Extraordinary Ministers of the Holy Eucharist to the Homebound/Shut-ins
Don Kreul or Parish Office
The act of lay persons bringing the Eucharist to people who are temporarily or permanently sick or homebound is a ministry that was authorized in 1973. This decree, signed by Pope Paul VI, authorized laymen and women to become extraordinary ministers. This decree, of course, included visiting and taking the Eucharist to the homebound/shut-ins.
St. Peter's has participated in this program for many years. Ministers are quick to attest how richly they have been blessed, and how bringing "Our Lord" to others and spending time with the homebound is much more a matter of receiving than giving.
Many passages in Scripture affirm the positive effects of this care ministry. It has been said that the most important prayer is that which leads to union with God because it is through this union that "ministry" will bear the most fruit. Prayer is communion with Christ, and extends throughout the Church, which is His Body, and its dimensions are those of Christ's love. This ministry is directly involved in caring for and bringing the Body of Christ to less fortunate individuals.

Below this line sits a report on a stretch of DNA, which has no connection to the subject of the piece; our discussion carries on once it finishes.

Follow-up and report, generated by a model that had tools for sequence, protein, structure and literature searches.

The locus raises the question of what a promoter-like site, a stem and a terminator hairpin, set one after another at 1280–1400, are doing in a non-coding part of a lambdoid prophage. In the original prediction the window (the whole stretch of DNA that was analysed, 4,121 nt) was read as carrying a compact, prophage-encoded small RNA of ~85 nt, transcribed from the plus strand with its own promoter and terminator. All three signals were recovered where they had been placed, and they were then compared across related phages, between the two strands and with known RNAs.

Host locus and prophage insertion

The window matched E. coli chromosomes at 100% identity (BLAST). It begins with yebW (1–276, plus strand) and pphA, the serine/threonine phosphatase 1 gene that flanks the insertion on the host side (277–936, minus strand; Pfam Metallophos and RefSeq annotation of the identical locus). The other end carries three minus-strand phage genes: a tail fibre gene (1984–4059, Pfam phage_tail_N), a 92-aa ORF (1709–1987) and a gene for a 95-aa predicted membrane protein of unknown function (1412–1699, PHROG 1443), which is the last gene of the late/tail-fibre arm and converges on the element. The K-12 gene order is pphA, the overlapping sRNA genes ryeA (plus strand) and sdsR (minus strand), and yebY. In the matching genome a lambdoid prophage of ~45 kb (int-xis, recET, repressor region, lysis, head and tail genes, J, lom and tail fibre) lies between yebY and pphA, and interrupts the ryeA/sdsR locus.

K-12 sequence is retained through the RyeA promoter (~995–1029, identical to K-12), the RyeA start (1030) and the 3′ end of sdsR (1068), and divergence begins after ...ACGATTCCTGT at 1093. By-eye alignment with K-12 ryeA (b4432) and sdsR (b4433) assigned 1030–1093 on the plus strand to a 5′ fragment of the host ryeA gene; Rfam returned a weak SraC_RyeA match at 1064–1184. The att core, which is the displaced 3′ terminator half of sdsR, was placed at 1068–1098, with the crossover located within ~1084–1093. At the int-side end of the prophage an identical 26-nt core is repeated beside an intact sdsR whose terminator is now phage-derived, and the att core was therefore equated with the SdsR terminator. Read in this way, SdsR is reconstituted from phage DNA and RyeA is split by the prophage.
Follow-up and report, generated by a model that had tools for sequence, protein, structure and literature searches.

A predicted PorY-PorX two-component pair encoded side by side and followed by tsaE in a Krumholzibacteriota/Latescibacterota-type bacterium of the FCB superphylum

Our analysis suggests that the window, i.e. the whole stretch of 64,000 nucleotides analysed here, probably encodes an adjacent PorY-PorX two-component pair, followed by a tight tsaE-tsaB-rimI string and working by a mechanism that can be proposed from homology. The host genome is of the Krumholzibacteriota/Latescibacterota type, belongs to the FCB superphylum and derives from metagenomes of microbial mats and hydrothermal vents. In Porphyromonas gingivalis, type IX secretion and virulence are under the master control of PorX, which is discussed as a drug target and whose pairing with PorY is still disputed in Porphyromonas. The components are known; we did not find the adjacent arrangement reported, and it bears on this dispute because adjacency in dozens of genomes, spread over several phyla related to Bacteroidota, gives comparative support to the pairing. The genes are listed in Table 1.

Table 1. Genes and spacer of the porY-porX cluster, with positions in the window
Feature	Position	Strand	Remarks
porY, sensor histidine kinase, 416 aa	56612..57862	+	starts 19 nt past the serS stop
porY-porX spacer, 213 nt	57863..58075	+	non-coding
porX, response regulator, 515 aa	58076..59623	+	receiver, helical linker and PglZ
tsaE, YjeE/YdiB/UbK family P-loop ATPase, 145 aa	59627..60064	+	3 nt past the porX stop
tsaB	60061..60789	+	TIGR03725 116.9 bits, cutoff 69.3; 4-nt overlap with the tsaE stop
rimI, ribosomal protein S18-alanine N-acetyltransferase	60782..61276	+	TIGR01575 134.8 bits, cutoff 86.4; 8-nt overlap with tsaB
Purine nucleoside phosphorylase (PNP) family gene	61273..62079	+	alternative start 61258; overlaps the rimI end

When there is a need for volunteers for the communion ministry an appeal is made. There are usually about ten teams, with three active on any given Sunday. Teams receive an average of one to three assignments in a two-month period. Communion to the homebound follows the 9:00 a.m. mass. New ministers receive materials and instructions at a mutually agreed upon time.
An appeal is also made when volunteers are needed for the visitation ministry. Visitation ministers are asked to make monthly visits to the shut-in to whom they are assigned.
If anyone feels they have a propensity for either of the above ministries, please talk to Fr. Roger or Don Kreul for more information in your discernment.